Continuous Traumatic Stress: Examining the Experiences and Support Needs of Women After Separation From an Abusive Partner

Joanne Hulley, Khai Wager, Tim Gomersall, Louis Bailey, Gill Kirkman, Graham Gibbs, Adele D. Jones

Research output: Contribution to journalArticlepeer-review

Abstract

Intimate partner violence causes significant, long-lasting harm to almost one-third (27%) of the world’s population of women. Even when women leave abusive relationships, some men continue to exercise control over their ex-partners through psychological control, threats, violence, stalking, and other forms of harassment. In this qualitative study, 52 purposively sampled women who self-identified as victims or survivors of intimate partner violence (IPV) from male partners were interviewed. Data were analyzed with a theoretically informed thematic analysis, supported by Nvivo® software. We found that leaving a violent relationship was a long-term process fraught with difficulty and ongoing risks of psychological harm. The concept of Continuous Traumatic Stress (CTS), first developed to understand the impact of state-sponsored violence and war, was found to be a particularly useful tool for the analysis of the impact of post-separation abuse. Additionally, CTS encourages researchers and practitioners to think anew about resilience-centered approaches to improving protection and access to justice for female victims.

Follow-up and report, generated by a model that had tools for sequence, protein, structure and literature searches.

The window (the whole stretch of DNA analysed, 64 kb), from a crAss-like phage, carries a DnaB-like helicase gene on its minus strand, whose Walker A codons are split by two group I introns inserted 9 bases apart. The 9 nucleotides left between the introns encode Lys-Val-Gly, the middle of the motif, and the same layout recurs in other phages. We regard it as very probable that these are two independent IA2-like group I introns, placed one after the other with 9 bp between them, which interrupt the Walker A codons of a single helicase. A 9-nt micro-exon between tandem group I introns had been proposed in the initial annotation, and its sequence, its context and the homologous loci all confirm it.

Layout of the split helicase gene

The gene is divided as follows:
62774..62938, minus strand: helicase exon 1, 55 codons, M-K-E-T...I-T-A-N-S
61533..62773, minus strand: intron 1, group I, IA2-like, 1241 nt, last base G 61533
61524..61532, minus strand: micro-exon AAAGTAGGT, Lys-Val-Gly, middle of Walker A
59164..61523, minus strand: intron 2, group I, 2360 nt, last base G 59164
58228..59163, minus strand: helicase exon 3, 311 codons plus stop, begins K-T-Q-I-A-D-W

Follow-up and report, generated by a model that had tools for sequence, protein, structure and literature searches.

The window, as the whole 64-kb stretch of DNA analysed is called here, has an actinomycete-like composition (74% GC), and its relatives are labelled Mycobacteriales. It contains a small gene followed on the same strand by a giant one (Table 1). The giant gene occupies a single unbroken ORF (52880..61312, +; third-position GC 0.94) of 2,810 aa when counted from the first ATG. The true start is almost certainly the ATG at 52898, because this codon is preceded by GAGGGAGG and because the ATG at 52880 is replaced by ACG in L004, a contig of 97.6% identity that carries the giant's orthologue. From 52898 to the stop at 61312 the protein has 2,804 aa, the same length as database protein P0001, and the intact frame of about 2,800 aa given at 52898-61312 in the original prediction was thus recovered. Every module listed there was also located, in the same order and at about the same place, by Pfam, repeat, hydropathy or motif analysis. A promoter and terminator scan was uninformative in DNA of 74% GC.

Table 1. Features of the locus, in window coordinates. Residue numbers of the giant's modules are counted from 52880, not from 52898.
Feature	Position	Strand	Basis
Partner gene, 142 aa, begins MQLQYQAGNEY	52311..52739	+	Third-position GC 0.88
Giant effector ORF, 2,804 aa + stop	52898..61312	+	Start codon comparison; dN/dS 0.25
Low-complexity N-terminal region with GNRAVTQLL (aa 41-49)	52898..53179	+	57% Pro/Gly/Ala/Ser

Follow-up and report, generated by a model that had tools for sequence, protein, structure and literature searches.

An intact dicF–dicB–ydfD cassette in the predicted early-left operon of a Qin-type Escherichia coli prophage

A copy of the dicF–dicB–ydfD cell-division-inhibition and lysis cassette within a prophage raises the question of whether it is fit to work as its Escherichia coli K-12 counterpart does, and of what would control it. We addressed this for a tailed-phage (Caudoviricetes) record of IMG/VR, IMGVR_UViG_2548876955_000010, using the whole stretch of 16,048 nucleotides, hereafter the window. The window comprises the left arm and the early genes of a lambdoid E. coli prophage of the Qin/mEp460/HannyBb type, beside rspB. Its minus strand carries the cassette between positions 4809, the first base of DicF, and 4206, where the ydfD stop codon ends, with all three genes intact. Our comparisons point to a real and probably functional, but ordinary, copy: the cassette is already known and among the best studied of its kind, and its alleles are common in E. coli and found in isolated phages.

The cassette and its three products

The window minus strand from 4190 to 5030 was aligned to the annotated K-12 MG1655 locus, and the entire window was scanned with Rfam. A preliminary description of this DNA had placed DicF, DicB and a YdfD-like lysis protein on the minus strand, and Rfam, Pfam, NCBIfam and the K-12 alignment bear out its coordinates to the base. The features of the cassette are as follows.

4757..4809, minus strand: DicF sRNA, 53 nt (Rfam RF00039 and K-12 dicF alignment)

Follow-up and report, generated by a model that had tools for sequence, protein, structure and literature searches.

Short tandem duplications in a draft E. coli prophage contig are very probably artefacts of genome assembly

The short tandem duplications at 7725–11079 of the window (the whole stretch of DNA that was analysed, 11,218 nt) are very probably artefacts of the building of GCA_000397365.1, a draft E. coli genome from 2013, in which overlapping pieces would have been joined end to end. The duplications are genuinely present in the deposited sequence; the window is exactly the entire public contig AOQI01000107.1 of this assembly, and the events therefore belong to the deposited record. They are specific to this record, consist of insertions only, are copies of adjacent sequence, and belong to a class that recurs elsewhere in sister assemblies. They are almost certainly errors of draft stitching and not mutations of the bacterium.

Original languageEnglish
Pages (from-to)1-23
Number of pages23
JournalJournal of Interpersonal Violence
Early online date13 Nov 2022
DOIs
Publication statusE-pub ahead of print - 13 Nov 2022

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